Well, anything can happen in markets.
I bought my first stock in 1942, in the summer of '42. I was 11 years old. And so 75 years have gone by. And I have never known what the market's going to do the next day. And that's not my game.
My game is to decide whether I'm in the right economy, which America's definitely been ever since that time. The Dow has gone from 100 to 21,000 during that time. And no matter what the headlines say, or terrible things are happening — we were losing the war in the Pacific when I first bought stocks.
So, America's going to do fine over time. America business is going to do fine over time. Occasionally, we go off the tracks with bubbles like — and a lot of human error and that sort of thing. But it will never permanently derail us.
And I don't try and guess when to get in and out of the market. I have owned stocks consistently since 1942. I owned the — I was buying stocks the day before the election. I was buying the same stocks the day after election. And if Hillary had been elected, it would have been the same thing.
Does President Trump deserve credit for what is going on right now in the market?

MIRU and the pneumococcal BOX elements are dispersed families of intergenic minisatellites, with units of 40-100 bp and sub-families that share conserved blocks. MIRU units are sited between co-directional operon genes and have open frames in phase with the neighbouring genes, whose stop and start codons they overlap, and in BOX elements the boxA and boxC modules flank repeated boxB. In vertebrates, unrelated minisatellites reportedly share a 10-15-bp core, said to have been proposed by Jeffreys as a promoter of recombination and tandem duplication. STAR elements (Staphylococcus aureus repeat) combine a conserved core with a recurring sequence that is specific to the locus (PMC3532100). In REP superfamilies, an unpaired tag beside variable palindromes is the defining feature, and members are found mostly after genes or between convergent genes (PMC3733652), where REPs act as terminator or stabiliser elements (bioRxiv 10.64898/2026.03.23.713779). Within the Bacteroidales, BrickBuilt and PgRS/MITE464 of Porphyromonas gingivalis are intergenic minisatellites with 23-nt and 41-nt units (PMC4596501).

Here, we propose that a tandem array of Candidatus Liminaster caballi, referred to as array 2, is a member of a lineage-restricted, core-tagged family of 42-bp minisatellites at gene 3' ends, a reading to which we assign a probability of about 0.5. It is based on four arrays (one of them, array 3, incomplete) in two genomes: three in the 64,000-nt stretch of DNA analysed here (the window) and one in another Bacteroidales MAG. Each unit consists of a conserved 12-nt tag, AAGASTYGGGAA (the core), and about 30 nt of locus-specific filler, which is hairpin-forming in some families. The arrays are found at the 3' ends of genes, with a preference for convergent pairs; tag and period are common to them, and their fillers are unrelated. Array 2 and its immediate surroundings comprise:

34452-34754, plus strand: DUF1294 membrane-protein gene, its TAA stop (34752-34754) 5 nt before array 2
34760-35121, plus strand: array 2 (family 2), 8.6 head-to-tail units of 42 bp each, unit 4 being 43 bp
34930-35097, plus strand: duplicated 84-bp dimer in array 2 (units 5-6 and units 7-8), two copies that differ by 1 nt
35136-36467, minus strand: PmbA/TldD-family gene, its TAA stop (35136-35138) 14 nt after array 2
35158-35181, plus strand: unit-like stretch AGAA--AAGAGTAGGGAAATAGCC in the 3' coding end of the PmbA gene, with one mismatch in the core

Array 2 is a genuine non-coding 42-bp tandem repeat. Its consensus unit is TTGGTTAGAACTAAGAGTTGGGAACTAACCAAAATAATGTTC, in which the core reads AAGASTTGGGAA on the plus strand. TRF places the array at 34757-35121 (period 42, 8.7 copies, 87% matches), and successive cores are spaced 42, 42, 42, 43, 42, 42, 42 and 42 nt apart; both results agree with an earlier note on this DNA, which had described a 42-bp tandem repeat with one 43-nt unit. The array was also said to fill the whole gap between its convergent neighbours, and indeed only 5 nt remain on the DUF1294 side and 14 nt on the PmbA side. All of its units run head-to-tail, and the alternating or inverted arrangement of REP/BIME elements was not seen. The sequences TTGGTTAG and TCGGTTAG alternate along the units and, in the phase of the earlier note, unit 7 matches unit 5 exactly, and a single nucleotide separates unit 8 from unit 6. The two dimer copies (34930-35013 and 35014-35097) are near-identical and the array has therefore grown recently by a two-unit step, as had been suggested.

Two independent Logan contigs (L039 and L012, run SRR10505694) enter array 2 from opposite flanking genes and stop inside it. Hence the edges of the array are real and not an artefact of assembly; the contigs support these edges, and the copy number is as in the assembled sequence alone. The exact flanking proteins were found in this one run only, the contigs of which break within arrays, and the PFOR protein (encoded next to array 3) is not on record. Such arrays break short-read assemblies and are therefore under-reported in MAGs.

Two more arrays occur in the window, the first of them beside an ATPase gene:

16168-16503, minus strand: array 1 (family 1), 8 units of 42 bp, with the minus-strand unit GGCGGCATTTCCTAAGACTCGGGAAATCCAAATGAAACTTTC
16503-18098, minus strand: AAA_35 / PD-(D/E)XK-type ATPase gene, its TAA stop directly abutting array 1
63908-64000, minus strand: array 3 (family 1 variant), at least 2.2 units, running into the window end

I — the stock market has been going up basically since March of 2009. That's when it hit the bottom, very early in March. It's been going up more or less ever since then.
But if I ever get elected president, I will never claim credit for anything the market does, because I don't want to be blamed when it goes the other direction.
Your investment decisions over time have been remarkably right much of the time, most of the time.
Today, as people look at you and look at the decisions that you have made, what mainly should people take a look at?
They should be willing to bet on America. They shouldn't listen to a lot of jabbering about what the market's going to do tomorrow or next week or next month, because nobody knows.
They should just keep buying and buying and buying a little bit of America as they go along. And 30 or 40 years from now, they will have a lot of money.
Berkshire Hathaway has made a huge investment in Wells Fargo.
And you — it came up at your recent shareholders meeting that Wells Fargo had problems. They engaged in some …
Plenty of problems.
Plenty of problems. They engaged in some fake accounts, in millions of fake accounts. The leadership of the company was replaced.
The critics are saying, yes, you called them out, but Berkshire Hathaway still owns a big chunk of Wells Fargo.
And they're saying, is there a double standard?
It was a terrible mistake. They incentivized bad behavior.
Incentives work, but they work — you incentivize good behavior or bad behavior. And then the problem, big problem is — and sometimes will you — you can design an incentive system that is incentivizing the wrong things. You have got to end it, and end it fast and decisive. So, that's where they made the big mistake.
Is there a clear line in your mind when behavior becomes just so unacceptable that you don't want to have anything to do with that company?